by Debbonnaire Kovacs

The book of Ruth is such a nice little love story.

Or is it?

Have you ever really considered what it might have been like to be Ruth?

First, she is a Moabite, presumably from a family which worships the national god of the Moabites, Chemosh, and his consort, Ashtar. As a young girl (likely a very young girl) with or without her will and consent, she is married to a young man from an immigrant family, living in Moab to escape a famine in their homeland of Judah. In this family, she learns of a God they call “the one true God,” or “God most high.” She learns that instead of being named “Destroyer” ( one meaning of Chemosh) and demanding human sacrifice, this God cares personally for his people and has actually given them a whole system of substitutionary sacrifice instead. Whether Elimelech’s family understood about the foreshadowing of the Messiah, we don’t know, but this new faith must have been an improvement for Ruth, based on the attitudes she will soon demonstrate.

Either Ruth does love her husband or at least she comes to love his family, especially his mother, Naomi. When tragedy strikes and all three men die—not, apparently, at the same time (see 1:3-5)—and Naomi decides to return to her homeland, Ruth passionately refuses to leave her. It seems to indicate, though of course we can’t know, that Naomi is more of a mother and family to her than she found at home. She specifically mentions, too, “Your God will be my God.”

So off they go to Bethlehem, and Ruth goes to work as a gleaner (a respectable form of welfare which, unlike begging, allows the gleaner to keep the self-respect of working for her own support and that of the senior citizen of the family).  She is very fortunate in the dog-eat-dog days of the judges to find an honest landowner who clearly sees his responsibility of sharing his bounty with those less fortunate. The story concentrates on Ruth, but it is obvious in the context that Boaz takes better care of all his workers, hired or not, than some of the local landowners do.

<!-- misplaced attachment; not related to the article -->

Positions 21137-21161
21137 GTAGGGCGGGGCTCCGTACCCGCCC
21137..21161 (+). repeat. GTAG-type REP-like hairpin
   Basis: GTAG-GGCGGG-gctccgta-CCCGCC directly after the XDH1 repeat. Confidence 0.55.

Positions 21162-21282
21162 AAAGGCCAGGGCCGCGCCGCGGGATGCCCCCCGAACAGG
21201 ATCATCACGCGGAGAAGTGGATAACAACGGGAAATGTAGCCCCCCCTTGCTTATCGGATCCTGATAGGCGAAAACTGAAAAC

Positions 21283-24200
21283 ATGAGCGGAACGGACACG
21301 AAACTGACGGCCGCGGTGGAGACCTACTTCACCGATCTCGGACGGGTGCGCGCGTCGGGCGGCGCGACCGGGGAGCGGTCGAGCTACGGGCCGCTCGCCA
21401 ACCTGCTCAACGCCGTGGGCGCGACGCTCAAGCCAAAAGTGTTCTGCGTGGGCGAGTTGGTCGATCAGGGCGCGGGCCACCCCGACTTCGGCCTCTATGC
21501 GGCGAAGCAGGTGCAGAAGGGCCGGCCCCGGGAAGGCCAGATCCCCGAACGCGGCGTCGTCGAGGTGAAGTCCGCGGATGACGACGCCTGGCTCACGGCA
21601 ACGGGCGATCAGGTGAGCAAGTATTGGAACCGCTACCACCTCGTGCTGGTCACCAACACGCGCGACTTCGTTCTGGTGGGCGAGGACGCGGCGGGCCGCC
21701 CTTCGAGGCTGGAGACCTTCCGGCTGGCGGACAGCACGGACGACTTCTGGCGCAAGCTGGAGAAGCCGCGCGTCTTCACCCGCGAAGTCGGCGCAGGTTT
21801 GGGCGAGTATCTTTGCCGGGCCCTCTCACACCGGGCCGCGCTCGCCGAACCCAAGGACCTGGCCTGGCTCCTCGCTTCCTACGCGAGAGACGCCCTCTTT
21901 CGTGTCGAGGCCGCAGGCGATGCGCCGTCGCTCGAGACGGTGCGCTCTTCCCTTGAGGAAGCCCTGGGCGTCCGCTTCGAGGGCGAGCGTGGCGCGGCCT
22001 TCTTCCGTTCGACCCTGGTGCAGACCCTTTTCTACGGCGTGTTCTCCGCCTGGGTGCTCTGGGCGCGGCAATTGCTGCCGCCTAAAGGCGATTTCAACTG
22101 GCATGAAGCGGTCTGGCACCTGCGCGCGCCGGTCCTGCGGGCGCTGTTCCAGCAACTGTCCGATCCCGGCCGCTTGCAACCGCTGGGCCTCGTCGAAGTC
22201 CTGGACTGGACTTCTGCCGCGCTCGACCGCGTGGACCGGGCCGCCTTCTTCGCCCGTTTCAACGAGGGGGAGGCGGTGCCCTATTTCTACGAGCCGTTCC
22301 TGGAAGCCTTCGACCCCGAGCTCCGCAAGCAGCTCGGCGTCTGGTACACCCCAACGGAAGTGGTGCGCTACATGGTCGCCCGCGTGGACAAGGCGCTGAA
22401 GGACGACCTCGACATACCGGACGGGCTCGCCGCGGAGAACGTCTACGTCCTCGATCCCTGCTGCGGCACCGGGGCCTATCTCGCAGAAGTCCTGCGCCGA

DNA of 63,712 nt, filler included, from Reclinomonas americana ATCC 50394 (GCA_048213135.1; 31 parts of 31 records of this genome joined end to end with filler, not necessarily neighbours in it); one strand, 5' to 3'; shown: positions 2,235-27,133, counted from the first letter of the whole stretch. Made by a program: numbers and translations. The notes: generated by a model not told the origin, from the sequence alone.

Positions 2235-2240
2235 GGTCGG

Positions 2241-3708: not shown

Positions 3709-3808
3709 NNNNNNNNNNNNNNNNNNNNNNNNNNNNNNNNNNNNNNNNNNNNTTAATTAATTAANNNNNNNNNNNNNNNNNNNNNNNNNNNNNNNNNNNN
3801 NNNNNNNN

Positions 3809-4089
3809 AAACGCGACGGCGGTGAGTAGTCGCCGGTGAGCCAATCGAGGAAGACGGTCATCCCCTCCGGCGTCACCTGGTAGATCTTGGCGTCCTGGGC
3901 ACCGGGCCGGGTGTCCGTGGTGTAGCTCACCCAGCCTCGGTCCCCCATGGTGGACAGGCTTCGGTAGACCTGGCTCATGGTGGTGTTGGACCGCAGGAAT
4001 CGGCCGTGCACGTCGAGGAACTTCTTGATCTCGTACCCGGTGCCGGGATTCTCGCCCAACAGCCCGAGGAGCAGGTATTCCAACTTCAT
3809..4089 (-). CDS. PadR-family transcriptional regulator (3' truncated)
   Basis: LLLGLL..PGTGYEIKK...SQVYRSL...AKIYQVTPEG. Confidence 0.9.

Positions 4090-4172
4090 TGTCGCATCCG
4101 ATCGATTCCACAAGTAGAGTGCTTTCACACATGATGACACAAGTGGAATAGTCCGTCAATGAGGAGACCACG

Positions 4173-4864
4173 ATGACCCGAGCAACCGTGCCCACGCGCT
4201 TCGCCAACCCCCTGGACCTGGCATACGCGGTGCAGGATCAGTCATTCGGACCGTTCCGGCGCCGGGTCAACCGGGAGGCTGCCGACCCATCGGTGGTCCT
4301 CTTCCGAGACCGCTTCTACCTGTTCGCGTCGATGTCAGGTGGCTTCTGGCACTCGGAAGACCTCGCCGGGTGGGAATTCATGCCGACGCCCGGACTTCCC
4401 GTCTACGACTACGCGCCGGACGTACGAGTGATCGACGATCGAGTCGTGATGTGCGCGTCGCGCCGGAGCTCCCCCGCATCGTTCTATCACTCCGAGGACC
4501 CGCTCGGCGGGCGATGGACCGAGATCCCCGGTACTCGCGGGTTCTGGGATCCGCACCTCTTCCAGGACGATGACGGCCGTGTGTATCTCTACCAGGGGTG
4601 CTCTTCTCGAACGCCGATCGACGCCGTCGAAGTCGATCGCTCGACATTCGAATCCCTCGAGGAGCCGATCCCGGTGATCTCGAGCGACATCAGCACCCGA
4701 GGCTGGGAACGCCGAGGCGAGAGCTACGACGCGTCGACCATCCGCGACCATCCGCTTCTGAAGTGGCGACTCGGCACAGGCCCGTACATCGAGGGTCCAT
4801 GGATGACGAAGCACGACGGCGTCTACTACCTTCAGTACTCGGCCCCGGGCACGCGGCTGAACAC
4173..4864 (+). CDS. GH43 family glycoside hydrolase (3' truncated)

So far, so good.

Then Naomi announces, "My daughter, I need to seek some security for you, so that it may be well with you. Now here is our kinsman Boaz, with whose young women you have been working. See, he is winnowing barley tonight at the threshing floor. Now wash and anoint yourself, and put on your best clothes and go down to the threshing floor; but do not make yourself known to the man until he has finished eating and drinking. When he lies down, observe the place where he lies; then, go and uncover his feet and lie down; and he will tell you what to do." (3:1-4)

What would you do if you were Ruth? Well, if you were actually a young woman raised in this era and area, you would probably respond as Ruth did, no matter what your personal feelings: “All that you tell me, I will do.”

Now, I’ll admit it, I like to think Ruth had an eye for Boaz already. It does seem he had one for her. On the other hand, it doesn’t seem, on the face of it (though you never can tell these things with Bible stories) that it hasn’t been long at all since her husband died. Still, she may have felt she had little choice. She has shown already that she can speak her mind and cling to an idea if she feels it’s important enough, but two women alone in those times had a very hard time surviving. At any rate, the story seems to have a happy ending, and someday Ruth will learn that she became the mother of kings and eventually of the Sacrifice that ended all sacrifices.

What does all this mean to us? How can Ruth’s attitudes and actions inform and inspire our attitudes and actions when we seem to have trouble after trouble?